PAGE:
- Gordon, Julie. "Factbox: Top Global Producers of Uranium." Reuters. March 14, 2011. (Oct. 27, 2011) http://www.reuters.com/article/2011/03/14/japan-quake-uranium-idUSN1418047020110314
- Hunter, Erik. "Uranium Mining." Personal interview. Nov. 2, 2011.
- Lawrence Berkeley National Laboratory. "Glossary of Nuclear Science Terms." Nov. 18, 2004. (Nov. 4, 2011) http://www.lbl.gov/abc/Glossary.html
- National Mining Association. "Annual Mining Wages Vs. All Industries, 2010." September 2011. (Nov. 9, 2011) http://www.nma.org/pdf/m_wages.pdf
- Newfoundland Labrador DNR. "A Prospector's Guide to Uranium Deposits in Newfoundland and Labrador." Geological Survey of Newfoundland and Labrador. September 2007. (Nov. 2, 2011) http://www.nr.gov.nl.ca/nr/mines/prospector/matty_mitchell/pdf/prospecting_for_uranium.pdf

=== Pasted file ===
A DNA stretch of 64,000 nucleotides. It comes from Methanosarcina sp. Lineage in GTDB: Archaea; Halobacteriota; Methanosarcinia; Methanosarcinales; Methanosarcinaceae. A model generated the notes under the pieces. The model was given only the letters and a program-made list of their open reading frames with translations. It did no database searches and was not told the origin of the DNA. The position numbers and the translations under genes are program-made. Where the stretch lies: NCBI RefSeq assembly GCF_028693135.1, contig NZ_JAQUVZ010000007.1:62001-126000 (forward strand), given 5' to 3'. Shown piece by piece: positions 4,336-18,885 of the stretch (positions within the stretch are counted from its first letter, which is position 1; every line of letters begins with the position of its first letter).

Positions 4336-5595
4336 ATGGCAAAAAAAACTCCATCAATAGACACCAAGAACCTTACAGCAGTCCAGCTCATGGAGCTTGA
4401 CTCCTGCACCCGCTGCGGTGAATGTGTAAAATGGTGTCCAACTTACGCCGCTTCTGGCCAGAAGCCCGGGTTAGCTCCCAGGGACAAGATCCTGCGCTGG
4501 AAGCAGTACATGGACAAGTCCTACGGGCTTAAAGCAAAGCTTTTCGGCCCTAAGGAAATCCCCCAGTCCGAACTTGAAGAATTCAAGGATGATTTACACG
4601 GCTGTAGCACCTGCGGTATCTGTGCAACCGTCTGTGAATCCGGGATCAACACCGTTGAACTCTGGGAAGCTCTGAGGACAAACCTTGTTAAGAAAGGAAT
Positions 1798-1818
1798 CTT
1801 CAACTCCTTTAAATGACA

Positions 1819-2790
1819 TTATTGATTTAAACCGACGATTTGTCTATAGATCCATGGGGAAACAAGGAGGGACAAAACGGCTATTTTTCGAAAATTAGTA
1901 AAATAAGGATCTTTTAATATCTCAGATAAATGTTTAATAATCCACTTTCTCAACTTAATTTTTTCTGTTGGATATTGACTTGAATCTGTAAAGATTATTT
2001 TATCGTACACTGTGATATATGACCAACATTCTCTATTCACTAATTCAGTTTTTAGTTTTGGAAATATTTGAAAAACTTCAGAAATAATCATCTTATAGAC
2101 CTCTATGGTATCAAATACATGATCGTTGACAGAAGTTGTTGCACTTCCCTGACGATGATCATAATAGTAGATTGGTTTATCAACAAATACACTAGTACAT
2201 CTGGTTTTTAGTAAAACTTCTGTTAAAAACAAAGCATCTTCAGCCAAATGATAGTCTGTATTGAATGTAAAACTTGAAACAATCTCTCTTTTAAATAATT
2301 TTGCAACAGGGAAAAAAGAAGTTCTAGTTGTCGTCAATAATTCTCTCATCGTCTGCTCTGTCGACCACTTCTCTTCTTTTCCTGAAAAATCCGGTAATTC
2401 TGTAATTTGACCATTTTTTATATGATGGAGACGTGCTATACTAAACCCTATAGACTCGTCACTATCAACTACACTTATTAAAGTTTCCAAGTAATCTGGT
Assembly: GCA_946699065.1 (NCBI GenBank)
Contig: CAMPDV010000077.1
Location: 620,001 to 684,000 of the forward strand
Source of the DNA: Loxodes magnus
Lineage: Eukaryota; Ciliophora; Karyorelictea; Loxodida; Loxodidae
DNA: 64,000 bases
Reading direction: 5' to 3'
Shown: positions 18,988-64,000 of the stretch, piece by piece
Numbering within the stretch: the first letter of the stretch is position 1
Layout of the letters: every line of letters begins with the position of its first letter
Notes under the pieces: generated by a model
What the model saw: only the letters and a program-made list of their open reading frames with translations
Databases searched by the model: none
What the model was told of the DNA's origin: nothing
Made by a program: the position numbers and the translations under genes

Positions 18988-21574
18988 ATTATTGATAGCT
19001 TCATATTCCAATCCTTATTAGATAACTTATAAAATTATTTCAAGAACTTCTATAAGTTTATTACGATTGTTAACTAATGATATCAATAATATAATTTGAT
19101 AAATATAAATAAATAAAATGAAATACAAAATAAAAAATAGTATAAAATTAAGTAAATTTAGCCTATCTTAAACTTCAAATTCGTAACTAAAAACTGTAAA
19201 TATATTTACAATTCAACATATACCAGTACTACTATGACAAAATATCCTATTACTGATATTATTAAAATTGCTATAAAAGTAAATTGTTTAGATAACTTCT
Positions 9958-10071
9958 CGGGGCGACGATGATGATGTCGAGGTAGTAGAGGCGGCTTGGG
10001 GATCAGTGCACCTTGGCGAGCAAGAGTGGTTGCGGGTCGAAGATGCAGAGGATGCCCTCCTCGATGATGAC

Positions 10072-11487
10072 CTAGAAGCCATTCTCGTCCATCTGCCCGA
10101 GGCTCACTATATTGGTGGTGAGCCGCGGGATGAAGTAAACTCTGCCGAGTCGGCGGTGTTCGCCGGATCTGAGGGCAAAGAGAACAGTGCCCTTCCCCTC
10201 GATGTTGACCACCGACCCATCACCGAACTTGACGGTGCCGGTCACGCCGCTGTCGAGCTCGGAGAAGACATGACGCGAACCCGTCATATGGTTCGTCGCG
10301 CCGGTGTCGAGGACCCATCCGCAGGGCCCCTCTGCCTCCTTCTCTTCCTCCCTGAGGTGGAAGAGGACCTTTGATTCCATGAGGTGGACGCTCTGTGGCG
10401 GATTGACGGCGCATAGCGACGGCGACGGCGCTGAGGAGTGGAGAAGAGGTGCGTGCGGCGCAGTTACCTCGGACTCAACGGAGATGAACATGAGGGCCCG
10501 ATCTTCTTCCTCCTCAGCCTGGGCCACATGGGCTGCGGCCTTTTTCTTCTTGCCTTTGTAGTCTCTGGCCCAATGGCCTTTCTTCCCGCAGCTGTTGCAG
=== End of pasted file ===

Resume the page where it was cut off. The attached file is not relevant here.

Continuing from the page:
- New Hampshire Department of Environmental Services. "Radium, Radon, and Uranium: Health Information Summary." Environmental Fact Sheet. 2007. (Oct. 27, 2011). http://des.nh.gov/organization/commissioner/pip/factsheets/ard/documents/ard-ehp-22.pdf
- Nuclear Energy Agency. "Latest Data Shows Long-Term Security of Uranium Supply." July 20, 2010. (Nov. 5, 2011) http://www.oecd-nea.org/press/2010/2010-03.html
- Nuclear Energy Institute. "Nuclear Power Plant Fuel." (Nov. 5, 2011) http://www.nei.org/howitworks/nuclearpowerplantfuel/
- Nuclear Energy Institute. "Radon Safety Measures in Uranium Mining." February 2010. (Nov. 2, 2011) http://www.nei.org/resourcesandstats/documentlibrary/safetyandsecurity/factsheet/radon-safety-measures-in-uranium-mining/
- Nuclear Energy Institute. "World Statistics." (Nov. 9, 2011) http://www.nei.org/resourcesandstats/nuclear_statistics/worldstatistics/
- Office of Surface Mining Reclamation and Enforcement. "Performance Bonds." July 20, 2011. (Nov. 5, 2011) http://www.osmre.gov/topic/bonds/BondsOverview.shtm